THIRD WORLD / “Third World Mixtape”

We sat in the back yard "ital"-ly eating vegetarian and mutually enjoying each other’s company as we reasoned and fellowshipped together. What a sight we must have been, all of us in our twenties or early thirties, believing with all our hearts and minds that we really were going to make a revolution. This was right after Third World’s first record (Third World-1976) with that beautiful cover had been released on Island records.

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Founded by vocalist/keyboardist Michael “Ibo” Cooper and vocalist/guitarist Stephen “Cat” Coore in 1973, Third World was a relatively new band on their initial tour of the states. Both Ibo and Cat had been members of the popular Jamaican band Inner Circle before leaving to form Third World.

They had a two or three day stay in New Orleans and we invited them to visit Ahidiana Work/Study Center, an independent school we operated in the Lower Ninth Ward of New Orleans. If my shaky memory serves me correctly, Third World also did a wonderful set out at SUNO, where some of us had been intimately involved in a school takeover and year long demonstrations. It’s possible that I’m mistaken about SUNO being the venue, but I do remember that their performance was inspiring and roundly applauded.

For me that first album stands as the best of Third World, demonstrating both their breadth and their depth. So much music was covered, drawing on everything from Jamaican folk music and reggae classics, to then contemporary funk music (listen to that layering of drum rhythms on “Cross Reference”—when those funky traps drop in the song takes off into the stratosphere). What was distinctive is that they were able to maintain a distinctive reggae sound even as they incorporated diverse influences into the overall sound. Take careful note of their multi-part vocal harmonies.

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After their third album success flattened out that diversity so many of us adored. “Now That We Found Love (What Are We Going To Do With It?).” Precisely. The $64,000 question. In fact, if you change “love” to “success” the dilemma because immediately obvious. Once you have a major cross-over hit, the pressures to make all your music head in a commercial direction is almost an offer you damn near can’t refuse without committing professional suicide.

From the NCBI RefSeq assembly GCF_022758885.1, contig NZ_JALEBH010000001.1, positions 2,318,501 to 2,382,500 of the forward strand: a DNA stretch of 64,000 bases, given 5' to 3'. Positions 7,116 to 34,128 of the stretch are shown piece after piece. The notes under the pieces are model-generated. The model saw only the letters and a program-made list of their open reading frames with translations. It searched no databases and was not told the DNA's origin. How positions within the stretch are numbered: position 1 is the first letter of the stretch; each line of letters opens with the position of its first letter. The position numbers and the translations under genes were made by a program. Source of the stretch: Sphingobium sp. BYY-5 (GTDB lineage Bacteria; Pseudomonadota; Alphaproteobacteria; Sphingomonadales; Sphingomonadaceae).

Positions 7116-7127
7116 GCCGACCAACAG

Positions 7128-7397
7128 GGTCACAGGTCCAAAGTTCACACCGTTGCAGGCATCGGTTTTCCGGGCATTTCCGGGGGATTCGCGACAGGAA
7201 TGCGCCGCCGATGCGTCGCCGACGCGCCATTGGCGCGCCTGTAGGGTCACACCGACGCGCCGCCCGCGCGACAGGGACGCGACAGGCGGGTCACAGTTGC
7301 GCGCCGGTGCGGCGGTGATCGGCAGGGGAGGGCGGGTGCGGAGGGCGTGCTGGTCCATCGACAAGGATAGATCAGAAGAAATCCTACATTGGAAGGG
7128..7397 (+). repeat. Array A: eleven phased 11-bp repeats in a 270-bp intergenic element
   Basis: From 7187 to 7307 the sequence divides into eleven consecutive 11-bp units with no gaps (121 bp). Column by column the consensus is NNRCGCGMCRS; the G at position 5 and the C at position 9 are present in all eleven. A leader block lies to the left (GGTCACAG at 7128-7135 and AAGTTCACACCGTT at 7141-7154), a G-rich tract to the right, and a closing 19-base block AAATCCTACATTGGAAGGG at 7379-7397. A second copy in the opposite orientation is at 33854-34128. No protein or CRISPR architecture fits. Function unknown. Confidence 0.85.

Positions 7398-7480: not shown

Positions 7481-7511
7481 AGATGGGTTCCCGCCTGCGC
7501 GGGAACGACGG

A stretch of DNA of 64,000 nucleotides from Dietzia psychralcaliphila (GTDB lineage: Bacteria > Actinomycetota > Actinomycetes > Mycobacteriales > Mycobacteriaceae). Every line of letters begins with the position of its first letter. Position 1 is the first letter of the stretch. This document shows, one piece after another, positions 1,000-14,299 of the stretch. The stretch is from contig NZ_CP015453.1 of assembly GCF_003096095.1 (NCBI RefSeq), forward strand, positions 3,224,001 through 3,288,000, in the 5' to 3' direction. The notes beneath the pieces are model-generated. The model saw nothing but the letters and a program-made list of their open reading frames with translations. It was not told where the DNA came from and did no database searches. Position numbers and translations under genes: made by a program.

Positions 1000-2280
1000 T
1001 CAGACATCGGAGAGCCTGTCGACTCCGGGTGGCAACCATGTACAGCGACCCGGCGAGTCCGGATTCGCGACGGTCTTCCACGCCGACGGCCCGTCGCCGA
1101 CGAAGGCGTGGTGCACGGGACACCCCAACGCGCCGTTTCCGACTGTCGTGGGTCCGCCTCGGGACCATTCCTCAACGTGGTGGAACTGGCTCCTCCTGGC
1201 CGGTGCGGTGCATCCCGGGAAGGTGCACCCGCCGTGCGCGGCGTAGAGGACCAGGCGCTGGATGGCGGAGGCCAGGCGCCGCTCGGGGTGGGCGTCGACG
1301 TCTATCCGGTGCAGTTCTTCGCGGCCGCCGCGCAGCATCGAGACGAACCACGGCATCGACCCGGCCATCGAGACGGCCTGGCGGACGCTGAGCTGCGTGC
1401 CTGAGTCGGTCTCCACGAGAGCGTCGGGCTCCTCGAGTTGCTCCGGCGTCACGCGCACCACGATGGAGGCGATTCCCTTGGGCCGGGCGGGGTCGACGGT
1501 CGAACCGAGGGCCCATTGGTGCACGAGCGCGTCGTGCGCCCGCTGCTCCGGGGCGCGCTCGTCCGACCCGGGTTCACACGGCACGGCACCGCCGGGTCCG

The really hard noise about the success question is that once you start reaching for the gold records not only do you fall off your original game but worse there is no certainty that you’re going to succeed. Try as you might, you may never produce another hugely popular hit. And that’s precisely what happened to Third World.

Third World persists as a band—indeed they are the longest lasting of all reggae bands, they have weathered personnel changes and continue to tour and record, their  music of the eighties and beyond pales on two counts in comparison to their music of the seventies: 1. They were less rootsy, less diverse, less interesting as a hybrid sound, and 2. they never had another huge hit like “Now That We Found Love.” So, there they are in pop limbo, constantly rehashing old hits as they try to come up with a new hit, and yet, make no mistake they are no throw-away band.

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Third World made a real contribution to the development of the music, plus they never surrendered to dancehall slackness or silly bubble-gum pop, and their integrity on that count needs to be recognized and respected. They may not have remained innovators over the long course of their career but they never gave up on the dream of making music relevant to the people.

I listen to these tracks and that inspiring afternoon on Deslonde Street rushes back, inundating my mind with beautiful memories of when we were young and certain that we were going to make a cultural revolution…

—Kalamu ya Salaam

Third World Mixtape Playlist


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Third World (1976)

01 “Sette Messgana”

02 “Slavery Days”

03 “Brand New Beggar”

04 “Cross Reference”

05 “Freedom Song”


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96 Degrees In The Shade (1977)

06 “Rhythm of Life"

07 “1865”

08 “Dreamland”


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Journey To Addis (1978)

09 “Now That We Found Love”

10 “Fret Not Thyself”


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Reggae Sunsplash'81 - A Tribute to Bob Marley

11 “1865 (96° In The Shade)”


12  “Now That We Found Love (Extended Version)”


This entry was posted on Monday, March 15th, 2010 at 12:43 am and is filed under Classic. You can follow any responses to this entry through the RSS 2.0 feed. You can leave a response, or trackback from your own site.

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